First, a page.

(WASHINGTON) — Ahead of her meeting with Speaker Mike Johnson on Tuesday, Republican Rep. Marjorie Taylor Greene shared her list of demands for the speaker amid her push to oust him from the House’s top job.

Greene’s four requests — which she said were “simple and easy for Mike Johnson to follow” in a post on X — include a return to the “Hastert Rule,” which means no legislation is brought to a vote without the support of the majority of the majority party; no more funding for Ukraine; defund the special counsel’s probe into former President Donald Trump; and avoid a government shutdown before the election by passing a continuing resolution to automatically enact a 1% spending cut.

“It would be a huge win for our Republican majority, and most importantly a huge win for the people who gave it to us,” the Georgia Republican wrote on X of the demands.

Johnson and Green are set to meet for a second time on Tuesday afternoon after Johnson said he had a “a lengthy, constructive meeting” with both Greene and Republican Rep. Thomas Massie on Monday. The meeting, which lasted nearly two hours, came as Greene has said she will force a vote to remove Johnson from the leadership post this week.

Johnson said his series of meetings with Greene and Massie are “not a negotiation.”

“It’s not a negotiation at all. What we’re trying to do and what my job is, is to every day improve processes, procedures, our policy preferences, or legislation and make sure that we can build the right consensus to get everybody together,” Johnson said at the weekly GOP news conference on Tuesday.

Asked if he would defund the special counsel’s probe into Trump, as Greene requested, Johnson did not rule it out.

“We’re looking very intently at it because I think the problem has reached a crescendo,” Johnson said.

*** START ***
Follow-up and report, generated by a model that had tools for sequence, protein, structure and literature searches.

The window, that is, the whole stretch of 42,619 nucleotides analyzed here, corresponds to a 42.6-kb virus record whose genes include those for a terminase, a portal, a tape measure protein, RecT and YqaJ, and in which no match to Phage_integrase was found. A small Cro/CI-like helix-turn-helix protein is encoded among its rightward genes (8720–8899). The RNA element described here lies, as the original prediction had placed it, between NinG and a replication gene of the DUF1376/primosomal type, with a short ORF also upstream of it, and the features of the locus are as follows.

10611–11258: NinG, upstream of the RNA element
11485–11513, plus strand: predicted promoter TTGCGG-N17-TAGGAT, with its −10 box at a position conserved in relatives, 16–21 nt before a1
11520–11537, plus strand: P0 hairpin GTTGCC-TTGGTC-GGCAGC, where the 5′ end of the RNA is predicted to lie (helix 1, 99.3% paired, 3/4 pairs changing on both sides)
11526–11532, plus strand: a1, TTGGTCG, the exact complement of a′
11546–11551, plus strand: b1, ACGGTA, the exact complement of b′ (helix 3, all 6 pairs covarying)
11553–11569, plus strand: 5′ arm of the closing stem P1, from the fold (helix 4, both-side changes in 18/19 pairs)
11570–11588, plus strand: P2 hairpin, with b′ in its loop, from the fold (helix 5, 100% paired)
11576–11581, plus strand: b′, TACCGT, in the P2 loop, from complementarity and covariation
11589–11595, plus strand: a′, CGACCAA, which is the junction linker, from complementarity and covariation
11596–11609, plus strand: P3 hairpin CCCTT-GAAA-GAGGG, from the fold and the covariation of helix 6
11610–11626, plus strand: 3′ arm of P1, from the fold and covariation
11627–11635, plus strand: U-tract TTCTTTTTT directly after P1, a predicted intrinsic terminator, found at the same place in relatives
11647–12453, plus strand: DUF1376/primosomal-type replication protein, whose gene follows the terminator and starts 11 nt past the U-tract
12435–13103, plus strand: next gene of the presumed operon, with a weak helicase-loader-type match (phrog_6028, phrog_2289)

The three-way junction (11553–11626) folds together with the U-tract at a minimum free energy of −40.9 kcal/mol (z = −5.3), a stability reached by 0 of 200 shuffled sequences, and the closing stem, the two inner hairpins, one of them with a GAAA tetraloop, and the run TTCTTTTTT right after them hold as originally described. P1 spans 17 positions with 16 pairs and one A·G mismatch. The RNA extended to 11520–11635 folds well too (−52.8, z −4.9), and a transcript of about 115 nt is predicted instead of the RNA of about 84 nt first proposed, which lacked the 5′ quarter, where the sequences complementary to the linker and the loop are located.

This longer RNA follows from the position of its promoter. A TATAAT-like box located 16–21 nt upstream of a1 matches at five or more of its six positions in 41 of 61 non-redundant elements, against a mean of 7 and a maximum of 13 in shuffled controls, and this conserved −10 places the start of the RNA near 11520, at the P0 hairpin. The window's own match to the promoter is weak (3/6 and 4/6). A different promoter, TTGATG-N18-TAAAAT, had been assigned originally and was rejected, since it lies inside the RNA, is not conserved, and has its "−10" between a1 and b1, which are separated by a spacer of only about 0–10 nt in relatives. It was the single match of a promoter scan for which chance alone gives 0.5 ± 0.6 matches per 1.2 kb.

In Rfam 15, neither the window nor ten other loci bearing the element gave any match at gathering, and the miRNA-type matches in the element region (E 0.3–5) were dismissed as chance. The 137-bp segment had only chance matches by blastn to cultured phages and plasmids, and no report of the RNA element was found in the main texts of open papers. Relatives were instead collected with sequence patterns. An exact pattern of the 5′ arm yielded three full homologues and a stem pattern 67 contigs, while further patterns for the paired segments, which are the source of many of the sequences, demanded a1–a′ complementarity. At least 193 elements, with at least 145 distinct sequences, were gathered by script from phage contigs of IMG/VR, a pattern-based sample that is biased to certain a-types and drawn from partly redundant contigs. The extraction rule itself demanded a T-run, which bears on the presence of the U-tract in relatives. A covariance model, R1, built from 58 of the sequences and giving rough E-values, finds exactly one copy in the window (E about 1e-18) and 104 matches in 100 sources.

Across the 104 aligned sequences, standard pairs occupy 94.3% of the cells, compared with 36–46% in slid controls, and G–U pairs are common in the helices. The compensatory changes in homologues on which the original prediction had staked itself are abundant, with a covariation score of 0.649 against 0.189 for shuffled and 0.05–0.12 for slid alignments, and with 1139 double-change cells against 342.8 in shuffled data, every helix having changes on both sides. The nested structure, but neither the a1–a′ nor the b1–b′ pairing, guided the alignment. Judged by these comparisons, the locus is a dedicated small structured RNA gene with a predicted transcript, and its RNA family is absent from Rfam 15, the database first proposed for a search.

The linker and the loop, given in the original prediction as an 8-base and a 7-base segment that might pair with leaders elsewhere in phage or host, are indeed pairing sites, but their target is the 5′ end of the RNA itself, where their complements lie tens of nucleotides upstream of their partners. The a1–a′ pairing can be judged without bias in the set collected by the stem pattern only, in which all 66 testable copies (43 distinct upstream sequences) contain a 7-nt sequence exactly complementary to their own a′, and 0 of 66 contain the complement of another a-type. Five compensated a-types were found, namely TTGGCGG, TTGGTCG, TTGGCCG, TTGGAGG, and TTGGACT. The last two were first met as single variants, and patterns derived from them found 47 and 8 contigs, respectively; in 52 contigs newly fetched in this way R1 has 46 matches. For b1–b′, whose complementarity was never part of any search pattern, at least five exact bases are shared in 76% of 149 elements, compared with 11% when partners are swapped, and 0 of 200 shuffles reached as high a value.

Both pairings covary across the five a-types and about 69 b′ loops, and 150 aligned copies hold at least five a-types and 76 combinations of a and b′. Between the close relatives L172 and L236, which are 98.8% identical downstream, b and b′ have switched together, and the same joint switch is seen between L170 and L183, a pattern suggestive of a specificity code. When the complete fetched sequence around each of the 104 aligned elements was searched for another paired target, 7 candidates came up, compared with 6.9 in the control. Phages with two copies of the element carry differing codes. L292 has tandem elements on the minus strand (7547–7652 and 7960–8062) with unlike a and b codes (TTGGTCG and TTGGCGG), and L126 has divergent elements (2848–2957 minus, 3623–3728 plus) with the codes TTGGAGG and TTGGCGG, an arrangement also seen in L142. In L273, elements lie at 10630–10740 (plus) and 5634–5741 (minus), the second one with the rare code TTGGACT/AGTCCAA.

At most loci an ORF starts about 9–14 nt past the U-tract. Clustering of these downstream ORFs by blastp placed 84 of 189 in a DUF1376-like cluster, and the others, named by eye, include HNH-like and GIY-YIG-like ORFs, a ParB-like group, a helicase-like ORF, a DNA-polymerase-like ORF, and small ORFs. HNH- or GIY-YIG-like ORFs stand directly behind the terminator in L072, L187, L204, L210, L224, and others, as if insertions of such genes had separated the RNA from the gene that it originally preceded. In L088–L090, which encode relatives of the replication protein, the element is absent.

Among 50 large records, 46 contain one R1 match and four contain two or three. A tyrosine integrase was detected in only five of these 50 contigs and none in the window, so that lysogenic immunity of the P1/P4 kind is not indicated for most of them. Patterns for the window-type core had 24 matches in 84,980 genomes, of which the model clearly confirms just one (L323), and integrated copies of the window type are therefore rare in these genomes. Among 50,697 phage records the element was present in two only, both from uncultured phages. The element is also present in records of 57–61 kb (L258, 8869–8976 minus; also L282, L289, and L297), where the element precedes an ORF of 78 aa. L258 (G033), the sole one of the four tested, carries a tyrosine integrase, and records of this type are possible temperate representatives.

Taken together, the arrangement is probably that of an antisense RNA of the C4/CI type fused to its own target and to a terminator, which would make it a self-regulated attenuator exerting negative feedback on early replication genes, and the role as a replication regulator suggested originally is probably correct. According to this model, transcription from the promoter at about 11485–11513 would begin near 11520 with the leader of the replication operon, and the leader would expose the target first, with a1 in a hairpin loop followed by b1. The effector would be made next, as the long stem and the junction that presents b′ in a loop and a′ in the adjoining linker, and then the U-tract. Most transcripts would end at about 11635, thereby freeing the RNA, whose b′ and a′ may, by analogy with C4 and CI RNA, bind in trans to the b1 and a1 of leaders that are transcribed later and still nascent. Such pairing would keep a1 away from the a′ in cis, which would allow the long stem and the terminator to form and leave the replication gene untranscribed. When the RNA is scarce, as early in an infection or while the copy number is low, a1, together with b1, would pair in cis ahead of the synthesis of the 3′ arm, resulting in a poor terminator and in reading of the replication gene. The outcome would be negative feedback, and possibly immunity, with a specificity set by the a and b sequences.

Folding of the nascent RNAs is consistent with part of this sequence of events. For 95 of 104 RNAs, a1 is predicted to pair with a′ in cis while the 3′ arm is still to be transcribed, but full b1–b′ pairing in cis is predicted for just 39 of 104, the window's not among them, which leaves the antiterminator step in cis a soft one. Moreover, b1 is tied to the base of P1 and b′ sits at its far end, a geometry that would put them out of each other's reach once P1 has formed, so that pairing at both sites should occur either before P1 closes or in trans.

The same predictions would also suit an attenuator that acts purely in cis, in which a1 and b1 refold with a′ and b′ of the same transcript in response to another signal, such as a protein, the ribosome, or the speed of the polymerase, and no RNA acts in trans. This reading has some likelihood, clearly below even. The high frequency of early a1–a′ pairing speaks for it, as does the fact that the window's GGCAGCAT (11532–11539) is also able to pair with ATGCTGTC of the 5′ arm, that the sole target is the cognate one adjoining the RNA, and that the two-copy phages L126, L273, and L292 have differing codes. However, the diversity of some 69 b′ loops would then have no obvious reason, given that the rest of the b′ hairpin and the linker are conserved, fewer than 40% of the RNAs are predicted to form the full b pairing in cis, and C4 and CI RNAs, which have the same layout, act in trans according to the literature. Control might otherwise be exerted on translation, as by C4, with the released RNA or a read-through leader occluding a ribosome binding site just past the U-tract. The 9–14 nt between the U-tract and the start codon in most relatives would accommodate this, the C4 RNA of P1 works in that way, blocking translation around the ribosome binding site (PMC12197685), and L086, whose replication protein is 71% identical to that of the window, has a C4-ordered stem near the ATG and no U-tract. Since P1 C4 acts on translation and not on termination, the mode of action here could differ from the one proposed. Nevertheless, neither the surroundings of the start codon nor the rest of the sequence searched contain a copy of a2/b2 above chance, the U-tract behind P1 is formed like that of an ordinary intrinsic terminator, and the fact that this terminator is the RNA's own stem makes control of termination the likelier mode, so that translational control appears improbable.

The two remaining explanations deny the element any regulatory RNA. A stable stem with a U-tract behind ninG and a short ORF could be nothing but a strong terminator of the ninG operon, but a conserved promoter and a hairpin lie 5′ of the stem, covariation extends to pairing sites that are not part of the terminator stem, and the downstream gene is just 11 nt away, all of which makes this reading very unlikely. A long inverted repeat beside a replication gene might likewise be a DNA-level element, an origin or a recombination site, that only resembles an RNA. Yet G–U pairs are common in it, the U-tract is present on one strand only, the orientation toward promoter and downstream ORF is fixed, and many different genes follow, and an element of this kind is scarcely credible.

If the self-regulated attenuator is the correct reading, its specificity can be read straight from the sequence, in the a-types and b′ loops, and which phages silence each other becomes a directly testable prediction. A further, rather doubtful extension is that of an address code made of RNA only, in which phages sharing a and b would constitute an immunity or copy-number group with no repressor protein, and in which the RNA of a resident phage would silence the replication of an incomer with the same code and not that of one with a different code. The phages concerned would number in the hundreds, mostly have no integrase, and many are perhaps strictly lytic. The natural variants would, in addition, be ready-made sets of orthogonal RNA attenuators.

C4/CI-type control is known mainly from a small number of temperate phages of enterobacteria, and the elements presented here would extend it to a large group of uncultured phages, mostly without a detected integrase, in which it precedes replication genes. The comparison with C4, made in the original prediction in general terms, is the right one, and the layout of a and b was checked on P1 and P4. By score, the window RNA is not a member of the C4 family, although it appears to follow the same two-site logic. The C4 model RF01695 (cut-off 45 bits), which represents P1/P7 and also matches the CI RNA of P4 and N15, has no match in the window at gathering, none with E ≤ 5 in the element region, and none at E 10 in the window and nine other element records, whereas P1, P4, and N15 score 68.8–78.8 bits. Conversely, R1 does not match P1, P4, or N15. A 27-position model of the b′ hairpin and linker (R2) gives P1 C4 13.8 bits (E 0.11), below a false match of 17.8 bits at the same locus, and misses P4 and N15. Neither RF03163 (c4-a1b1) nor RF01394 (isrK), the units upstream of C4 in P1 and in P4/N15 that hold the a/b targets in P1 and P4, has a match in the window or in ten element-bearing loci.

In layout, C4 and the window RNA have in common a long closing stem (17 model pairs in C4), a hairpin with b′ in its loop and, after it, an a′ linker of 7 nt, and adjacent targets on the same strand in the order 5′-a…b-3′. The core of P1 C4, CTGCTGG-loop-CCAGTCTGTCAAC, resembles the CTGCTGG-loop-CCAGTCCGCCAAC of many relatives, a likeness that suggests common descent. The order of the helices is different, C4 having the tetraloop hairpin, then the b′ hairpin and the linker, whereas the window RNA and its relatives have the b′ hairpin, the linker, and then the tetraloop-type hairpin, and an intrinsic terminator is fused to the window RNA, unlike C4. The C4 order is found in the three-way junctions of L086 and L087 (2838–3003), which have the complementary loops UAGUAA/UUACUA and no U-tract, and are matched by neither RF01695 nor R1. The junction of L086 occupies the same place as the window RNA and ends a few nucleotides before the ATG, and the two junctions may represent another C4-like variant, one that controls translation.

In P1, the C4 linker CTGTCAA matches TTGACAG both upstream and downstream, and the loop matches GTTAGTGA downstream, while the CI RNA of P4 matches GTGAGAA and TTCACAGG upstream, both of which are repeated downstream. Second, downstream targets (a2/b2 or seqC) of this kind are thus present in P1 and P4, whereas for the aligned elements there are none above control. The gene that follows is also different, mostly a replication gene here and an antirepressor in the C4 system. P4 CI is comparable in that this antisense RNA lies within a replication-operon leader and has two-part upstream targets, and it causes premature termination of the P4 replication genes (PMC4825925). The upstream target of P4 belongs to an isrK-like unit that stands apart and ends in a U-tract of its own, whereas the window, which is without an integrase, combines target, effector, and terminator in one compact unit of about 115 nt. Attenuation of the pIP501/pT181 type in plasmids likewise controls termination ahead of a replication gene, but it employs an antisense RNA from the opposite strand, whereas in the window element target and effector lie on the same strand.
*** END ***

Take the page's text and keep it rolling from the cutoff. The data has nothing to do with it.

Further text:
For the first time publicly, Johnson said he intends to remain the leader of the House Republican Conference in the future.

“I intend to lead this conference in the future, and the most important thing we have to do right now is govern the country well, show the American people that we are — and that’s what we have been doing,” Johnson said.

Asked by ABC News on Monday if she plans to move forward with a motion to vacate, Greene said she will “have more information” after the meeting on Tuesday.

The Georgia congresswoman said last week she was moving ahead with her ouster effort despite pushback from many Republicans and a statement from Democrats that they would step in to help save Johnson. Trump has also weighed in on Greene’s move to oust Johnson.

Trump spoke privately to Greene over the weekend and urged her to drop her push to oust Johnson, a source close to the president confirmed to ABC News. During their discussion, Trump told Greene that the party needs to be unified, according to the source.

The former president’s team has mulled over how best to show support for Johnson. Trump brought Johnson on stage at the RNC spring retreat luncheon over the weekend and praised him “for his leadership and work in the US House,” emphasizing “the need for party unity, collaboration, and expanding the GOP’s House Majority,” according to the campaign.

Greene has criticized Johnson for working with Democrats on several key pieces of legislation — including keeping the government open and providing foreign aid. Johnson has fought back, saying he’s a lifelong Republican, but must do his job to serve the entire House with an extremely thin Republican majority.

“I would really like to advance much more of our conservative policy on a daily basis here. But the reality is we are working with the smallest majority in U.S. history with a one-vote margin,” Johnson said.

ABC News’ Arthur Jones II and Sarah Beth Hensley contributed to this report.

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